Review: Hideous Beauty

The love for Hideous Beauty continues today with my glowing review of this brilliant book. If you missed it yesterday, I even got to fire a lot of questions at Will himself. Thank you to Usborne for allowing me to read this early via Netgalley.

When Dylan and Ellis’s secret relationship is exposed on social media, Dylan is forced to come out. To Dylan’s surprise they are met with support and congratulations, and an amazing reception at their highschool dance. Perhaps people aren’t as narrow-minded as he thought?

But Dylan’s happiness is short-lived. Ellis suddenly becomes angry, withdrawn, and as they drive home from the dance, he loses control of the car, sending it plunging into Hunter’s Lake. Barely conscious, Dylan is pulled free of the wreck, while Ellis is left to drown.

Grief-stricken, Dylan vows to discover what happened to Ellis that night and piece together the last months of his boyfriend’s life – and realises just how little he knew about the boy he loved.

Waterstones | Amazon | Goodreads

Trigger warnings: death, grief, sexual assault, cancer, drug use, physical abuse, homophobia

My Thoughts:

Hideous Beauty is, simply put, absolutely phenomenal. I just fell in love with the entire story and these wonderful characters so much. It moved me to genuine sobs several times; something which I do not do. 

I connected so much with Dylan, El and Mike. They were an amazing trio and Hussey really showed off Mike and Dylan’s amazing friendship, while also giving El and Dylan’s relationship space to breathe. Fro, the first couple of chapters, I was heavily invested in both of these bonds, which makes the shift in narrative only that much more devastating. You root for Dylan from the first page, feeling all the micro aggressions that are like ‘death by a thousand Bat-cuts’. 

Hussey’s writing is just incredible: whip-smart, packed with emotion and he throws in some knowing cultural references that I loved picking up. It pulsates with power and delicacy as he deals with some really tough issues. The characters also feel like real teens that I may have seen in my school corridors. Also, his portrayal of grief is stunning. It’s nuanced and all-consuming and Hussey shows this perfectly.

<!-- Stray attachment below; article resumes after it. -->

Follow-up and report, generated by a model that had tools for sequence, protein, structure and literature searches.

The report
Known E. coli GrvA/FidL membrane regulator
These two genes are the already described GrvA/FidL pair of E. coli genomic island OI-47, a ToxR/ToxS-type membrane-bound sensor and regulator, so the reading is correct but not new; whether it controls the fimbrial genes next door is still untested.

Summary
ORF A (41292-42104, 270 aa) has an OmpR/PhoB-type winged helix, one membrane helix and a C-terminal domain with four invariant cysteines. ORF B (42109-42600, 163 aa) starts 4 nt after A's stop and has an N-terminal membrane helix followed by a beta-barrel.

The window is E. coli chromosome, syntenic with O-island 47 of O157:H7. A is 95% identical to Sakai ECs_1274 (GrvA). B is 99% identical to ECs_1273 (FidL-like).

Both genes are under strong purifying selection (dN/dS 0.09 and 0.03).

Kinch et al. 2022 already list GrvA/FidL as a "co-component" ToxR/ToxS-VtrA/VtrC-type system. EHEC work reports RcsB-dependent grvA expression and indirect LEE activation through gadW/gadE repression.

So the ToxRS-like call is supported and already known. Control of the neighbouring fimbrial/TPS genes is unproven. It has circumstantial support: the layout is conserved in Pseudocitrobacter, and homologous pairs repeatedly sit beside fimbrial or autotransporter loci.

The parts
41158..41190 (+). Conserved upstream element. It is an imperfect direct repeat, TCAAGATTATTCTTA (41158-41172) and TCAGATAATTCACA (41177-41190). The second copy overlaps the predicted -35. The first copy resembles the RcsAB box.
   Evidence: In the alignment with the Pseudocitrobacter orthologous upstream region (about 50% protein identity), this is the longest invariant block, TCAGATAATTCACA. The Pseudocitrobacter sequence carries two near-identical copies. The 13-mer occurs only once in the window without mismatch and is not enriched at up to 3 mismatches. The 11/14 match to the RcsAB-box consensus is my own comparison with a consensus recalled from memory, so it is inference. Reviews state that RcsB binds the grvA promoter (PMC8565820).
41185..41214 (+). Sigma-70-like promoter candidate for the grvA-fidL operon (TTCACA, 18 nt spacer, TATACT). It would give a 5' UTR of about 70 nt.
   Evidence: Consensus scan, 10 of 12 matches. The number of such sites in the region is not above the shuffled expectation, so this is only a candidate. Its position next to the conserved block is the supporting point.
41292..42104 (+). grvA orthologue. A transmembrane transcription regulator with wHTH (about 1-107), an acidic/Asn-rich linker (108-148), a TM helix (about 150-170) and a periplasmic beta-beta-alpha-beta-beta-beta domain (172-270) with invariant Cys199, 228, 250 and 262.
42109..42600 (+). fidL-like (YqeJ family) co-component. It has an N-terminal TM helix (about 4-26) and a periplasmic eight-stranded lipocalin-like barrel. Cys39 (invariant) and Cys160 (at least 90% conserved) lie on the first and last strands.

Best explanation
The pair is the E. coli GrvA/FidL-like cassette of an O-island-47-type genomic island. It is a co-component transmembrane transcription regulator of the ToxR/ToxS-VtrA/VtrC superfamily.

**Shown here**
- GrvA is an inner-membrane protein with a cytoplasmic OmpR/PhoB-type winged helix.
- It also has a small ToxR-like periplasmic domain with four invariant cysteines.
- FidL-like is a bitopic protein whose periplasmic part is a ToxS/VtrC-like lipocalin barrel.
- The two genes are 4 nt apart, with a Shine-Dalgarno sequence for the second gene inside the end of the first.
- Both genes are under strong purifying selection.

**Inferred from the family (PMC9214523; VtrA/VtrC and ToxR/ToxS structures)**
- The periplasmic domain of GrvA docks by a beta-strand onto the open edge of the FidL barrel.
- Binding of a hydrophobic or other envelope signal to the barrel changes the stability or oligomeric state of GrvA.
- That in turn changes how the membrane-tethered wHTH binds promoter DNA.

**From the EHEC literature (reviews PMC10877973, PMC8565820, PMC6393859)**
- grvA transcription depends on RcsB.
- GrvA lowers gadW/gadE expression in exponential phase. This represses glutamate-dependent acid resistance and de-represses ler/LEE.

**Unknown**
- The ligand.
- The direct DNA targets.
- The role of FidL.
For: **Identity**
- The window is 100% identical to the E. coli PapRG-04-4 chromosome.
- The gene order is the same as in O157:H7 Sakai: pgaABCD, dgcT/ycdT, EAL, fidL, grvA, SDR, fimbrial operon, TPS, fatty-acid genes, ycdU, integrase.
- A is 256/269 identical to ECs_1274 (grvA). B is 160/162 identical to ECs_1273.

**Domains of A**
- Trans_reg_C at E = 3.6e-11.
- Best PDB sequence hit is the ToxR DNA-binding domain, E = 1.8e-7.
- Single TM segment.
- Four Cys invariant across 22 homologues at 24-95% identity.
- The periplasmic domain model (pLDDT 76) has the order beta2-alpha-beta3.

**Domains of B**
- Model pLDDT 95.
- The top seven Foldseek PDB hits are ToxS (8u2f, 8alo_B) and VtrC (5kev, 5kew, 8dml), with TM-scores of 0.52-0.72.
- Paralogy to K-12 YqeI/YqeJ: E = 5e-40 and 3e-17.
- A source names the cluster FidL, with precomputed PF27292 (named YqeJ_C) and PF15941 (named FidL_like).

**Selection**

This book, at its core, is about feigned acceptance and this really hit home for me. It contains so many important themes (please check the trigger warnings I’ve listed above, which are also on the first page of the book); each of which is dealt with delicately and with obvious research to back it up. There’s a list of resources and a letter from a counsellor to support some of the issues discussed at the end of the book, which I thought was just brilliant to include. This is a dark and twisty tale that made me seethe with rage at times, but these are real issues that my peers deal with everyday. 

The central story is a mystery, but it is also a love story. We primarily see Dylan and Ellis’ relationship bloom through flashbacks, before it is tragically cut short. Their relationship felt so natural and lovely, full of a lot of the trials and tribulations of first love, but also darkened by the shadow of ignorance and prejudice. On the mystery side, Hussey can’t be faulted. There are excellent twists and turns throughout the book and they never feel convoluted, rather that they’ve been lurking there the whole time. 

Hideous Beauty is a brilliantly plotted, emotional YA thriller with awesome LGBT+ representation that is definitely an early contender for one of my favourite books of the year. 

8 thoughts on “Review: Hideous Beauty

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